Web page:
Need to grow the audience for your work? Bring in a growth editor.

Every organization has a story like this one:

You invest countless hours over many months to a big, important publishing effort. You pore over messaging and endlessly edit the copy. You prepare for the big launch moment. And then… you don’t see the traffic you expected. So, hoping your target audiences will come around to it later, you move on to the next big thing.

A recurrence of stories like this can turn into a frustrating publishing cycle. But it doesn’t have to. There’s a new role in newsrooms and organizations that focuses on improving your return on investment for each individual content effort.

The “growth editor” is specifically in charge of growing the audience for an organization’s work. Their daily responsibilities include mining analytics to understand (and act on) audience interest, crafting content tailored for specific social media platforms, and pursuing content partnerships.

Thomas McBee, Editorial Director for Growth at Quartz, put it this way: “My editorial mandate is to look for opportunities to fold in our editorial strategy with our strategy to reach more people.”

The Atlantic has found that one of the most effective ways to do this is by resurfacing relevant content from its archives at the moment its audiences need it most. Smart resurfacing is a powerful tactic that organizations without a growth editor tend to miss.

Without anyone to own this task, it becomes a nice-to-have rather than a must-have. But if you make it a must-have, the results are significant and measurable. At The Atlantic, more than 50% of the traffic in a given month comes from content not produced in that month.

That’s the result of a concerted effort by Caitlin Frazier, Senior Editor for Social and Audience, who leads a team of five at the helm of The Atlantic’s home page and social media strategy. Of the 60+ Facebook posts The Atlantic publishes per day, 10–20 of them come from The Atlantic’s rich archive of content.

“Their job is to go shopping on our site for the best stuff,” Bob Cohn, president of The Atlantic, told participants at a recent growth editor training.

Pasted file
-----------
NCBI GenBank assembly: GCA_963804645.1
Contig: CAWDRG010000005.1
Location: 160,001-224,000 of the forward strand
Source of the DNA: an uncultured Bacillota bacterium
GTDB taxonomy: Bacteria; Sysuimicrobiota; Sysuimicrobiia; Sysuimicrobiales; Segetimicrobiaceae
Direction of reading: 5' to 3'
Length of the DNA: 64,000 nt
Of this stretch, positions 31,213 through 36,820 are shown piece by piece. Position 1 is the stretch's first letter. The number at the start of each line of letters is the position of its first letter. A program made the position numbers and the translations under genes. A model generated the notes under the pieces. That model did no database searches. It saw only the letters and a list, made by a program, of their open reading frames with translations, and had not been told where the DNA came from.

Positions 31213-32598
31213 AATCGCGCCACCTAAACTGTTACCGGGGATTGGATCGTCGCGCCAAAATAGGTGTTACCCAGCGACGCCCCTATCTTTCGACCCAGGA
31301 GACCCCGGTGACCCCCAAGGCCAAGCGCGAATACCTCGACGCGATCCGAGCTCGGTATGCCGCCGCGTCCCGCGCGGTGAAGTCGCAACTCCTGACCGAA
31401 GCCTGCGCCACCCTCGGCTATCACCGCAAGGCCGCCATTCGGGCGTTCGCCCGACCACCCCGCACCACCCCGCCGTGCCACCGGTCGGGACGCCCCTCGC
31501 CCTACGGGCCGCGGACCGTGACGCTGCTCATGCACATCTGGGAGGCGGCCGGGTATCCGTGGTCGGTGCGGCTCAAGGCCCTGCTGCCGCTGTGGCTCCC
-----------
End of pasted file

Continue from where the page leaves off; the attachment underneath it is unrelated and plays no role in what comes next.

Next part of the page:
In some cases, they resurface evergreen pieces that were already a hit but still have relevance, hoping to reach additional audiences who will value it. In other cases, they devote extra energy to high-priority content because of the time investment that went into its creation.

“Stories that are important and need a little extra love are called “babies,” Frazier explains. “It’s a story that the author put a lot of effort into, and it’s not an obvious traffic hit, but we want to draw people’s attention to it as much as possible. We give it special attention on social, we tweet it several different ways, we post on Facebook several times in one week.”

An aggressive resurfacing strategy has helped The Atlantic to increase traffic significantly, setting an all-time audience record of 31.5 million monthly unique visitors in November 2015, following the timely resurfacing of its cover story, “What ISIS Really Wants.” Organizations can use this same approach to improve what can often be a disappointing time vs. payoff ratio for their content.

Just like The Atlantic can resurface evergreen hits, like “Here Is When Each Generation Begins and Ends, According to Facts,” organizations can revive reports — or nuggets within a report — that continue to be relevant today.

Across the organizations that Atlantic 57 works with, we’ve found that those without a growth editor tend to spend about 80% of their time on content planning and creation, and just 20% on distribution and resurfacing. After a growth editor is added, that split improves to about 50%-50%.

This ratio can often be achieved with existing personnel and resources because a dedicated focus on resurfacing reduces the pressure to constantly produce new pieces. Put more simply: you are reaching more people with the same amount of effort — or even less.

However, that doesn’t mean growth editors aren’t still thinking about content planning and creation. Given their obsessive focus on audience needs, social media, and analytics, growth editors amass useful insights into what makes great content. They often independently produce content tailored for specific platforms and advise other content creators on the best angles and approaches to reach their audience.

Taken together, growth editors provide a much-needed focus on making sure the great ideas that you publish find the audiences they are intended for.

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This post was edited on June 22, 2018 to reflect our rebrand.



Perspectives on sustainable brand evolution, managed by the staff at Atlantic 57

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